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IDC Report: Calming the Storm with Cloud Native Data Integration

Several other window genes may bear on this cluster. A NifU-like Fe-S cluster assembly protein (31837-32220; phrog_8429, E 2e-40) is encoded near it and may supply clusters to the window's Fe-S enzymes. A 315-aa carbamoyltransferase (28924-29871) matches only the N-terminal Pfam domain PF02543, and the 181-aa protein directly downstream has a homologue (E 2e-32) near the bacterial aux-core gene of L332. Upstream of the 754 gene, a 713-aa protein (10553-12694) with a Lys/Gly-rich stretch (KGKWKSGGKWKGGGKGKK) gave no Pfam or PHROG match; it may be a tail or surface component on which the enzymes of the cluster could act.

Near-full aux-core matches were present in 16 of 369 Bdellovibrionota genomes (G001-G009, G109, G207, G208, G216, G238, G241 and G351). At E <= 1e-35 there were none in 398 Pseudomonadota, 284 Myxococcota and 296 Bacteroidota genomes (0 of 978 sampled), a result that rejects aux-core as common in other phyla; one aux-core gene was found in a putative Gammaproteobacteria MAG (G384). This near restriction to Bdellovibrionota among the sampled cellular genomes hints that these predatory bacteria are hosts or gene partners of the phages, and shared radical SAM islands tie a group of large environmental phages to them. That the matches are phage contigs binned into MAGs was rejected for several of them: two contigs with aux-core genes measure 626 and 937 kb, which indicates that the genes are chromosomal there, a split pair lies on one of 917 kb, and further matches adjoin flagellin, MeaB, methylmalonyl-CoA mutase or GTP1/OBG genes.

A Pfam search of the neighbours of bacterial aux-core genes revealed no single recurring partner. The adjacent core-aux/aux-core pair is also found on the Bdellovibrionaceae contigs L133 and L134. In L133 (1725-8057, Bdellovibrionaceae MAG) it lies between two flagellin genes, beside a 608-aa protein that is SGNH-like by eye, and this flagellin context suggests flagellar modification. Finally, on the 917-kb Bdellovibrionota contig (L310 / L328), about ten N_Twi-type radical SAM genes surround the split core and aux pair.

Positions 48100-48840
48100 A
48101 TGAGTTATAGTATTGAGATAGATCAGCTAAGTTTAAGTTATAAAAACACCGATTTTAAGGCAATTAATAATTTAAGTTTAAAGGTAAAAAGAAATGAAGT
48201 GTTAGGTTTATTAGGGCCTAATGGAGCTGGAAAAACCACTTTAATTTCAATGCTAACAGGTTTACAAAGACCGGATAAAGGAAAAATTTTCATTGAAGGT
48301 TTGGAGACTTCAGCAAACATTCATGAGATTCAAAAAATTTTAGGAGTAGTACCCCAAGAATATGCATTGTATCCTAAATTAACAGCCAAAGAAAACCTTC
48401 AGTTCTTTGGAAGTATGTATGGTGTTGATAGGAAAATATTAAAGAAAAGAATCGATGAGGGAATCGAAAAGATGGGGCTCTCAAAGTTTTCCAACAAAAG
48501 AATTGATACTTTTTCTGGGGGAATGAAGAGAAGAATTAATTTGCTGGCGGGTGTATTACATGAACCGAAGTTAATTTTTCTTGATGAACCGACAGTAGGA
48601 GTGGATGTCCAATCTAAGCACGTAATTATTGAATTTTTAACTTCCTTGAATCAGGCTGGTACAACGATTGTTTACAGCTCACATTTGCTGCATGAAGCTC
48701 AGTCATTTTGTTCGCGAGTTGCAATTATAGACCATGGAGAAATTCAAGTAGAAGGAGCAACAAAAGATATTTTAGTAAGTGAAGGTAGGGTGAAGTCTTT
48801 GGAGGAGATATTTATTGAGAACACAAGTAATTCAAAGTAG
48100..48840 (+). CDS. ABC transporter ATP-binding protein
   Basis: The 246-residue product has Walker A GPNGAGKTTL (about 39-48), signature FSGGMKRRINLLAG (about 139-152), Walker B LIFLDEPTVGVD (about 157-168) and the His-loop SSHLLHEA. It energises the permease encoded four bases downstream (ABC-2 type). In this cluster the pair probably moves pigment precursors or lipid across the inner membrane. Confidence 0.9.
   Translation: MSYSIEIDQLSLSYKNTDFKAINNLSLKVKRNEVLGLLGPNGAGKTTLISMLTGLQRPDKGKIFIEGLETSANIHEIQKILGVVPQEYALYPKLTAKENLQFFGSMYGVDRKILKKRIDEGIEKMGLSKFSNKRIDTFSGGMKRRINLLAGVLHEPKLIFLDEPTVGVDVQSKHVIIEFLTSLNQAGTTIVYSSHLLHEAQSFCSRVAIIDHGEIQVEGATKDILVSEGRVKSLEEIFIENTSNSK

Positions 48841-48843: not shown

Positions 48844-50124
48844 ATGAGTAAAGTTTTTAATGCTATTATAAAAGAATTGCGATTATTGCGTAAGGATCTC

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Page 3 #US47518521 IDC TECHNOLOGY SPOTLIGHT Calming the Storm with Cloud-Native Data Integration Cloud-native technologies can leverage the scale and performance benefits of the cloud at all levels of processing. In the case of data integration, this ranges from extraction to ingestion and transformation. The result is efficient use of infrastructure, higher performance that shortens processing time, reduced data latency issues, and faster time to value. Cloud-native efficiency and elasticity also offer opportunities for cost optimization during peaks and valleys of data volumes because cloud-native technologies can provide consumption-based pricing models. In addition to performance gains and cost optimization, open APIs are standard in cloud-native services, providing opportunities for better interoperability within and across cloud ecosystems, which can be very beneficial for a data integration solution that needs to traverse hybrid and multicloud environments and utilize the cloud-native capabilities of target data repositories. Cloud-native data integration is also well positioned to help organizations deal with the growing number of SaaS data silos across their environments via accessible and open cloud APIs. Many organizations are adopting a discipline of DataOps where the ability to iterate and to fail fast are core tenets. DataOps is not DevOps for data; rather, it is a combination of technologies and methods with a focus on quality for consistent and continuous delivery of data value, shortening the time to value of data analytics, data science, and machine learning pipelines. Organizations that have deployed DataOps practices have reported a 49% reduction in the number of late-delivery incidents, according to IDC's DataOps Survey. Cloud-native solutions not only support iterative and agile approaches to data integration but also, more importantly, provide an opportunity to fail and recover fast. Security once topped the list of reasons that organizations gave for not migrating to the cloud, citing fears that data would be exposed to competitors and/or criminals. However, as cloud-native security has improved, many organizations have discovered cloud services are more secure than what is in their datacenters. In fact, according to a 2021 IDC survey of 406 data-native workers on the topic of cloud data migration, "improved security" was the most-cited benefit of cloud databases after "higher availability." The network perimeter has long since disappeared, and securing data at the edge, through network access and operating system controls, is increasingly ineffective. Securing data in motion and at rest where it resides in the cloud is another benefit of cloud-native data integration technology that can leverage cloud-native security capabilities. Cloud-Native Data Integration Trends As companies transform to compete better in the digital economy, cloud is part of their transformation journey. As business applications have moved to the cloud, so too have application databases. What is good for transactional systems is also good for analytical systems, and as a result, analytical databases, data lakes, and data warehouses are also moving to the cloud. A 2021 IDC survey of 406 database professionals in North America indicated that 63% of organizations are actively migrating data to the cloud and another 29% are planning to start migration within three years, leaving only 8% still considering migration (see Figure 2). As stated previously, the global pandemic has had an impact: 68% of respondents in this survey indicated an acceleration of their cloud database migration plans, and only 10% had decreased cloud migration momentum.

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